Preliminary details about workplace fatalities reported to the Michigan Occupational Safety and Health Administration during 2017.
The Michigan Occupational Safety and Health Administration (MIOSHA) has released preliminary information about 36 workplace fatalities in 2017. This data is published to help employers build hazard awareness and prevent risk for similar occurrences in the workplace.
The most frequent causes of death were from falls, struck by, and caught in or between. Occupations included were crane inspector, mechanic, maintenance worker, public service worker, welder, general laborer, carpenter, laborer, iron worker, oven operator, journeyman/technician/lineman, environmental chemical application, grain elevator worker, roofer, farm hand, equipment operator, pipe-fitter, superintendent, tow truck driver, driver, farmer.
Our law firm has represented many families who have suffered this tragedy. No amount of money can ever replace a family member. Here is some additional information about workers’ compensation.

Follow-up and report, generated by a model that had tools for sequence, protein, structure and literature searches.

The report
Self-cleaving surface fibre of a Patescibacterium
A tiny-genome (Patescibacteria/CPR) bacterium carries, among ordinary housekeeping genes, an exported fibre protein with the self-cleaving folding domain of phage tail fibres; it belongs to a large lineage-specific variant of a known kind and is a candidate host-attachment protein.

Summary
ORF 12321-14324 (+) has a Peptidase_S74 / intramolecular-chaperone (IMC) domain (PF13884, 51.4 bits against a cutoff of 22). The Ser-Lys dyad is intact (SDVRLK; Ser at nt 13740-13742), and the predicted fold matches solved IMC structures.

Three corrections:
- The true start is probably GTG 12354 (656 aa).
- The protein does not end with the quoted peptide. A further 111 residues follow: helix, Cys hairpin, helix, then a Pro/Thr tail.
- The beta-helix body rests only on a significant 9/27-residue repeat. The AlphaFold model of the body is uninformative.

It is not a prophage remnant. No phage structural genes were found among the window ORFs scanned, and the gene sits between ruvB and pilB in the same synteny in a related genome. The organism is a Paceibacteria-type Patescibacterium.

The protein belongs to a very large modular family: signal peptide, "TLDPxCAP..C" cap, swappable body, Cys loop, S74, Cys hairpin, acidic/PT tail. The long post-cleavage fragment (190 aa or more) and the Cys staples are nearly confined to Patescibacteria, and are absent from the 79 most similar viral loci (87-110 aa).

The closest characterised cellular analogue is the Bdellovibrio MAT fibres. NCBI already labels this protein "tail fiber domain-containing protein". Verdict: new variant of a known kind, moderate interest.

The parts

Michigan workers’ compensation pays just $6,000 for burial expenses. Medical benefits incurred should be covered 100% without co-pays or deductibles. Family members can make a claim for 500 weeks of lost wages if they can prove dependency. This is a complicated process because spouses can be disqualified if they receive income from another source. Children over the age of 16 must also prove dependency and benefits can be stopped when they reach age 18.
Michigan Workers Comp Lawyers never charges a fee to evaluate a potential case. Our law firm has represented injured and disabled workers exclusively for more than 35 years. Call (844) 201-9497 for a free consultation today.
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